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Heinzl v. Quality Foods Corporation

United States District Court, W.D. Pennsylvania

November 17, 2014

SARAH HEINZL, individually and on behalf of all others similarly situated, Plaintiff,
v.
QUALITY FOODS CORPORATION, d/b/a KUHN'S MARKET, Defendant.

MEMORANDUM OPINION AND ORDER

ROBERT C. MITCHELL, Magistrate Judge.

Plaintiff, Sarah Heinzl, brings this action individually and on behalf of all others similarly situated against Defendant, Quality Foods Corporation, d/b/a Kuhn's Market ("Kuhn's"), alleging violations of Title III of the Americans With Disabilities Act, 42 U.S.C. §§ 12181 to 12189 (ADA). Specifically, she alleges that the facilities at Kuhn's are not fully accessible to and independently usable by individuals who use wheelchairs for mobility, as she does, because of various barriers in the parking lot and along the route to the building entrance.

Presently before the Court is Defendant's motion to dismiss or stay the Amended Complaint. Defendant challenges Plaintiff's standing to bring this action, contends that she has sued the incorrect party or at least failed to join an indispensable party, requests a stay on the grounds that the case will shortly become moot once the property owner makes expected changes to the parking lot and argues that, because Plaintiff's counsel filed this action without providing prior notice, any request for attorney's fees should be denied. For the reasons that follow, the motion will be denied.

Facts

Plaintiff states that she is a resident of the Commonwealth of Pennsylvania who has a mobility disability and is limited in the major life activity of walking, causing her to be dependent upon a wheelchair for mobility. (Am. Compl. ¶¶ 2, 15.)[1] She has visited Defendant's property located at 3125 Banksville Road in Pittsburgh, Pennsylvania (the "Subject Property") many times. During these visits, she has experienced unnecessary difficulty and risk due to excessive slopes in a purportedly accessible parking space and access aisle and along the route to the building entrance. (Am. Compl. ¶¶ 18, 24.)

She also indicates that, on her behalf, investigators examined this location and five other retail Kuhn's locations around the greater Pittsburgh area and found the following violations: 1) the surfaces of one or more access aisles and one or more purportedly accessible parking spaces had slopes exceeding 1:48 (i.e., 2.1%); 2) a portion of the route to the store entrance had a running slope exceeding 1:20 (i.e., 5.0%); 3) one or more purportedly van accessible parking spaces and adjacent access aisles were too narrow; 4) a portion of the route to the store entrance had a cross slope exceeding 1:48 (i.e., 2.1%); 5) one or more purportedly accessible spaces were not marked with required signs; 6) no spaces were designated as "van accessible"; 7) one or more access aisles adjacent to purportedly accessible parking spaces was less than 60 inches wide; 8) a curb ramp located on the route to the building entrance had a running slope exceeding 1:12 (i.e., 8.3%); and 9) signs designating spaces as "accessible" were mounted less than 60 inches above the finished surface of the parking area. (Am. Compl. ¶ 19.)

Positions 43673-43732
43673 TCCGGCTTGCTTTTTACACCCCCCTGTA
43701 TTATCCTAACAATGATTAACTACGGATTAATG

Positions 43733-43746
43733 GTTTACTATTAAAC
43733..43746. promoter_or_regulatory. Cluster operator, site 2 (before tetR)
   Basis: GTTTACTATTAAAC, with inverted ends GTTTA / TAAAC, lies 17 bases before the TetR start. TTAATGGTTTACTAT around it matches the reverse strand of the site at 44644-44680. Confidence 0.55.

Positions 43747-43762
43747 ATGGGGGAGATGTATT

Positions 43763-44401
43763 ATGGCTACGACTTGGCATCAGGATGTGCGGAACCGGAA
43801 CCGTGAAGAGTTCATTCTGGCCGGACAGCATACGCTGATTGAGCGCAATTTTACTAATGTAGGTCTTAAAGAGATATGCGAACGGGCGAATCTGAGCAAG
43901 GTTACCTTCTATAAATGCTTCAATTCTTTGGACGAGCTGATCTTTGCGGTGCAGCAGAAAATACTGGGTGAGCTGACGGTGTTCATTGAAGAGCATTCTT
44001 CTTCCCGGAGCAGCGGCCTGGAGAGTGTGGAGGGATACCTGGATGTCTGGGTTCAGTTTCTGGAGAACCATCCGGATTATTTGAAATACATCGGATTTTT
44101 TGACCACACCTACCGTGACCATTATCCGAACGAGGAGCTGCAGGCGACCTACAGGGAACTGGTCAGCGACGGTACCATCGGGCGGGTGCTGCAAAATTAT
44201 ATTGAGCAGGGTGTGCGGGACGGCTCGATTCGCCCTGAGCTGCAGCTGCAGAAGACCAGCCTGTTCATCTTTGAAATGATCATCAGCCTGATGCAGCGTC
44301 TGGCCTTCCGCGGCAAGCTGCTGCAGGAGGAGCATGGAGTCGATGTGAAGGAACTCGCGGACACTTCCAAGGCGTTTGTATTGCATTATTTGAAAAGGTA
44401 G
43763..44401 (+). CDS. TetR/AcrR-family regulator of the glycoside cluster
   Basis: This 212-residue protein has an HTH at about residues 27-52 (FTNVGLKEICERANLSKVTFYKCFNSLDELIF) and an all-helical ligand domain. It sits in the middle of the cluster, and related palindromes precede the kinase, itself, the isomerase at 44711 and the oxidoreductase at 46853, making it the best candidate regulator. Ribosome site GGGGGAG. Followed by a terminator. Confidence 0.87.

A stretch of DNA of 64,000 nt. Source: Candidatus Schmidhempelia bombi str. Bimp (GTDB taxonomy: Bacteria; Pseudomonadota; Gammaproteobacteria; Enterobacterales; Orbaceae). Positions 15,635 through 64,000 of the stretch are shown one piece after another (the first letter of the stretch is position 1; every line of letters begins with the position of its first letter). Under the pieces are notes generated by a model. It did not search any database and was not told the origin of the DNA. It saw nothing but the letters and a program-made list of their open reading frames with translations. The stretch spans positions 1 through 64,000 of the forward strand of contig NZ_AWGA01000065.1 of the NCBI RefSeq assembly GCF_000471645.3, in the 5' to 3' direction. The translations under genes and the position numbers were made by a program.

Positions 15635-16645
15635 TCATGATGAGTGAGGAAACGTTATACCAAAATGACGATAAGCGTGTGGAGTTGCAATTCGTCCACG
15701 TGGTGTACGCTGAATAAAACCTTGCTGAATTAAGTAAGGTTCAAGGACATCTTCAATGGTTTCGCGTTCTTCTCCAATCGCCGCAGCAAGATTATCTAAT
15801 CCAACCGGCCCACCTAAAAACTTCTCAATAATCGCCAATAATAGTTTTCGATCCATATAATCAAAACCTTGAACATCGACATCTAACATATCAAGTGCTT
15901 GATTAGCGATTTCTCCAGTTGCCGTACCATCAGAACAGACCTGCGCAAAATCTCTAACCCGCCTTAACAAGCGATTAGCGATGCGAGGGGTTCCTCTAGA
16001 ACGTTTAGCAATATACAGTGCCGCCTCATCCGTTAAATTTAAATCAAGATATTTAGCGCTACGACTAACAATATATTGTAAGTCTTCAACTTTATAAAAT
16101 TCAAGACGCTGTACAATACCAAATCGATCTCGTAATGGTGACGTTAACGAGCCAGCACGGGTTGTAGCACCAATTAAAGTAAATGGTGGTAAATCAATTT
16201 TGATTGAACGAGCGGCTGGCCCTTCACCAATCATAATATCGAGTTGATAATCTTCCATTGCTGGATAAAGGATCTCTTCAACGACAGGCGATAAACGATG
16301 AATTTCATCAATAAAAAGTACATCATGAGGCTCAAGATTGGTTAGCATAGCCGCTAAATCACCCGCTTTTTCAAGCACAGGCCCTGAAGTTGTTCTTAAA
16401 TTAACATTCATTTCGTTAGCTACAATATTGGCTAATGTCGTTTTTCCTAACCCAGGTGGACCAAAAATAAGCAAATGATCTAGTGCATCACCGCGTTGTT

Plaintiff indicates that the Subject Property is located 2.76 miles from her residence and is the closest grocery store to her residence; that she has shopped at the Subject Property at least once a week for approximately the past five years and it is virtually the only grocery store at which she shops; and that she intends to return to this location as it is the closest and most convenient to her residence, but that numerous architectural barriers deter her from doing so. (Am. Compl. ¶¶ 23-26.)

Procedural History

Plaintiff filed this action on July 28, 2014. On September 3, 2014, Defendant filed a motion to dismiss or stay (ECF No. 3). On September 25, 2014, Plaintiff filed an Amended Complaint (ECF No. 7).

Federal question jurisdiction is based on the ADA claim, 28 U.S.C. § 1331; 42 U.S.C. § 12188(a). She alleges that the cited violations constitute "a failure to remove architectural barriers" in violation of 42 U.S.C. § 12182(b)(2)(A)(iv) and a failure to alter, design or construct accessible facilities after the effective date of the ADA in violation of § 12183(a)(1) and the appropriate regulations, which will deter her and similarly situated individuals from returning to Defendant's facilities and that, without injunctive relief, she will be unable to fully access Defendant's facilities in violation of her rights under the ADA. (Am. Compl. ¶¶ 27, 35-41.)

She also brings this action on behalf of all others similarly situated pursuant to Rule 23(a) and (b)(2) of the Federal Rules of Civil Procedure. (Am. Compl. ¶¶ 28-33.) See seeks a declaratory judgment that Defendant is in violation of the specific requirements of Title III of the ADA and its implementing regulations, a permanent injunction directing Defendant to take all steps necessary to remove the architectural barriers and bring its facilities into ADA compliance, an order certifying the class she proposes and naming her as class representative and appointing her counsel as class counsel, payment of costs of suit, payment of reasonable attorney's fees and any other relief the Court deems just, equitable and appropriate. (Am. Compl. at 10.)